LOS ANGELES, June 27 (Xinhua) -- Mercury in saltwater fish poses more of a health threat to humans than freshwater fish, a new study suggests.
The potentially harmful form of mercury called methylmercury attaches onto dissolved organic matter in freshwater, but latches onto the salt (chloride) in seawater, explained researchers at Duke University.
Methylmercury is a potent neurotoxin that can cause kidney and brain disorders, and even death, the researchers said in the study appearing online Sunday in the upcoming print issue of the journal Nature Geoscience.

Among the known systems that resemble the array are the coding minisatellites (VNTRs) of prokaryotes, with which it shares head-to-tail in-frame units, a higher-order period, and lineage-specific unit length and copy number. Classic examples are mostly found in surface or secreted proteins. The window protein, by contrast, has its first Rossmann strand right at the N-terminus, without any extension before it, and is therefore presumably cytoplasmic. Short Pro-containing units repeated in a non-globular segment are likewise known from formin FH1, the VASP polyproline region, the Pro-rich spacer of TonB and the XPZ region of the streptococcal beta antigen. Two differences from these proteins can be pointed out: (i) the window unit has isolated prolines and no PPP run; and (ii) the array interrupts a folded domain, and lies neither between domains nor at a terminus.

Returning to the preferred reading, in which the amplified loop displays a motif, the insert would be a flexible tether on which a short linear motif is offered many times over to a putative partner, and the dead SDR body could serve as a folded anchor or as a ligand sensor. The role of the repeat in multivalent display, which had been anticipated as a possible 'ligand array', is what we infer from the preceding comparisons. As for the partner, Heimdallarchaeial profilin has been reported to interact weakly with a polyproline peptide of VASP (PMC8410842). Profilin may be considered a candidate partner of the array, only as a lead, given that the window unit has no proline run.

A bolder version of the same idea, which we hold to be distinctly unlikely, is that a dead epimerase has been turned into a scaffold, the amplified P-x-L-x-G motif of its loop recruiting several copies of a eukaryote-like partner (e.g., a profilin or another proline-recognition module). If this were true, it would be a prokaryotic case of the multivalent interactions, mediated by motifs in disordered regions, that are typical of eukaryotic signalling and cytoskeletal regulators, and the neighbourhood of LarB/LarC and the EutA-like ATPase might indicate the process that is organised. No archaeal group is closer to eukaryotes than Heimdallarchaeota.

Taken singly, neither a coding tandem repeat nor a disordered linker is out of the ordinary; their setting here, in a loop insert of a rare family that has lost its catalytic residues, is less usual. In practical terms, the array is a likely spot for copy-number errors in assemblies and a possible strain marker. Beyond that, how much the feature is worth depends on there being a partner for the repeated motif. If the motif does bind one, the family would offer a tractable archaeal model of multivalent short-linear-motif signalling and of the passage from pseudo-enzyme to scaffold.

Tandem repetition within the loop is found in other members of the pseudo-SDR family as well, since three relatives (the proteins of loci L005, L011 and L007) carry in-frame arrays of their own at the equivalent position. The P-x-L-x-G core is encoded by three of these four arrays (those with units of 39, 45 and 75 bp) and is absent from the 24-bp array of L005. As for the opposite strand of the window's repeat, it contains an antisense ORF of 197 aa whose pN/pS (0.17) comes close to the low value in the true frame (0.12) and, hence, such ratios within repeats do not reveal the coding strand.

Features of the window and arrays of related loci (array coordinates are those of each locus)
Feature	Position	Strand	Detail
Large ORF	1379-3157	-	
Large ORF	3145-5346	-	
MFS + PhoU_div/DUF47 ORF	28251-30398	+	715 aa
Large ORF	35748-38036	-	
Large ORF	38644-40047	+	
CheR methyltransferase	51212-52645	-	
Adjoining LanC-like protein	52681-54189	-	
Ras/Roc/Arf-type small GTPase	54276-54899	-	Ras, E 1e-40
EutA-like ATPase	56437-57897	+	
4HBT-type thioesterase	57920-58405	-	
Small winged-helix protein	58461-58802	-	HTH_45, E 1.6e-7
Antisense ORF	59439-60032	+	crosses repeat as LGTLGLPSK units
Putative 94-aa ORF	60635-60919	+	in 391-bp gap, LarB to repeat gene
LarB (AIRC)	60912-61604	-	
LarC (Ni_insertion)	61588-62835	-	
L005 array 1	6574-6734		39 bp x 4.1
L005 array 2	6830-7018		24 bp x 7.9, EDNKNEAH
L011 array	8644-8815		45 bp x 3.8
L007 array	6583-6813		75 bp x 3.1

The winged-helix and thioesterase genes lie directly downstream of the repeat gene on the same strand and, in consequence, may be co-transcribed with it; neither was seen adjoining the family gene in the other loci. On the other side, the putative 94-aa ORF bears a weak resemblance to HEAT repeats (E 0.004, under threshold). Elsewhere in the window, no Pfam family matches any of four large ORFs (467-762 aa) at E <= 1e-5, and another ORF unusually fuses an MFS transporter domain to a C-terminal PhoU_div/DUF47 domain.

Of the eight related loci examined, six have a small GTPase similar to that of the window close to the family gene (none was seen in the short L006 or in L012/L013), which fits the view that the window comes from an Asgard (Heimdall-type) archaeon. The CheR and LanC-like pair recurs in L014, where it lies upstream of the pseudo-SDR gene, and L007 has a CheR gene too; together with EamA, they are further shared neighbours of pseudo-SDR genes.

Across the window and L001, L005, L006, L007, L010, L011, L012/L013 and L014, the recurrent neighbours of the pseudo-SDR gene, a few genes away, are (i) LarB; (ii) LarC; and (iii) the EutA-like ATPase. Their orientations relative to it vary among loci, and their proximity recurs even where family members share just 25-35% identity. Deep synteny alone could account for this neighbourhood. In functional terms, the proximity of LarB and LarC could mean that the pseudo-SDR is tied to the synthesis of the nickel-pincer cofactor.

"The most common ways nature turns methylmercury into a less toxic form is through sunlight," study author Heileen Hsu-Kim, an assistant professor of civil and environmental engineering, said in a news release.
"When it is attached to dissolved organic matter, like decayed plants or animal matter, sunlight more readily breaks down the methylmercury. However, in seawater, the methylmercury remains tightly bonded to the chloride, where sunlight does not degrade it as easily. In this form, methylmercury can then be ingested by marine animals," Hsu-Kim explained.
She suggested that scientists and policy makers should focus their attention on the effects of mercury in the ocean, rather than in freshwater.